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Hum Pathol. 1996 Jun;27(6):605-9.

Pituitary adenoma presenting as sinonasal tumor: pitfalls in diagnosis.

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Department of Pathology, Queen Elizabeth Hospital, Hong Kong.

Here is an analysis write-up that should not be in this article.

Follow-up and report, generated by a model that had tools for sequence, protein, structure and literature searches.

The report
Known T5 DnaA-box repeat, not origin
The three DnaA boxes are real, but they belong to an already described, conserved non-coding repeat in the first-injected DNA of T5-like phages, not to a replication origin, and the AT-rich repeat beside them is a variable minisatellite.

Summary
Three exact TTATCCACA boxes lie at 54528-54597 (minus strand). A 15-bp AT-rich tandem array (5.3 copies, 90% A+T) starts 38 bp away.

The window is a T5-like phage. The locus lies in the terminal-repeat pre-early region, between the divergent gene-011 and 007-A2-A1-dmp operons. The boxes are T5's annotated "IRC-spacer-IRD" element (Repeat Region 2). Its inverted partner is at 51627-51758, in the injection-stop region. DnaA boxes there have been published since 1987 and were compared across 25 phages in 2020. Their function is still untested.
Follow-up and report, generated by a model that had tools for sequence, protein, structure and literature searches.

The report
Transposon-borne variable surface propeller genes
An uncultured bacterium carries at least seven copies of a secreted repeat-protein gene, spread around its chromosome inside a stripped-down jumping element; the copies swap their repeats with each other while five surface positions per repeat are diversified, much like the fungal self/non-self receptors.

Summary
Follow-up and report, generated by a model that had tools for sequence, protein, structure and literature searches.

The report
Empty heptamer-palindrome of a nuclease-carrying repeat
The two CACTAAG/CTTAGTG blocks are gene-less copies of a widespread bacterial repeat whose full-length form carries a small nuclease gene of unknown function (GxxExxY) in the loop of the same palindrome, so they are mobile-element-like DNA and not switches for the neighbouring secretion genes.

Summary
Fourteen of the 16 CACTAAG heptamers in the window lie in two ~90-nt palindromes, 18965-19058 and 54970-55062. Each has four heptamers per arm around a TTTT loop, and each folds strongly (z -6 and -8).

Pituitary adenomas may cause significant difficulties in histological diagnosis when presenting in unusual sites either as extension from an intrasellar lesion or as ectopic tumor. Three such cases, involving the sinonasal tract are described herein, and the differential diagnoses are discussed. Two of them were invasive intrasellar macroadenomas that presented as unilateral nasal polyp, and one was an ectopic pituitary adenoma involving the sphenoid sinus. There was notable cellular atypia in two cases, with nuclear pleomorphism, giant cells, chromatin clumping, and distinct nucleoli, leading to serious consideration of the possibility of poorly differentiated carcinoma. In none of the cases was the diagnosis of pituitary adenoma suspected clinically. The clues to diagnosis were an endocrine growth pattern comprising tumor cells arranged in packets, ribbons, or rosettes, with prominent delicate vascularized stroma; a high index of suspicion; and immunohistochemical showing of neuroendocrine markers and pituitary hormones in the tumor cells. A correct diagnosis is important because in contrast to neuroendocrine carcinoma as a whole or to poorly differentiated carcinoma, pituitary neoplasms have a much more favorable prognosis and a low metastatic potential.

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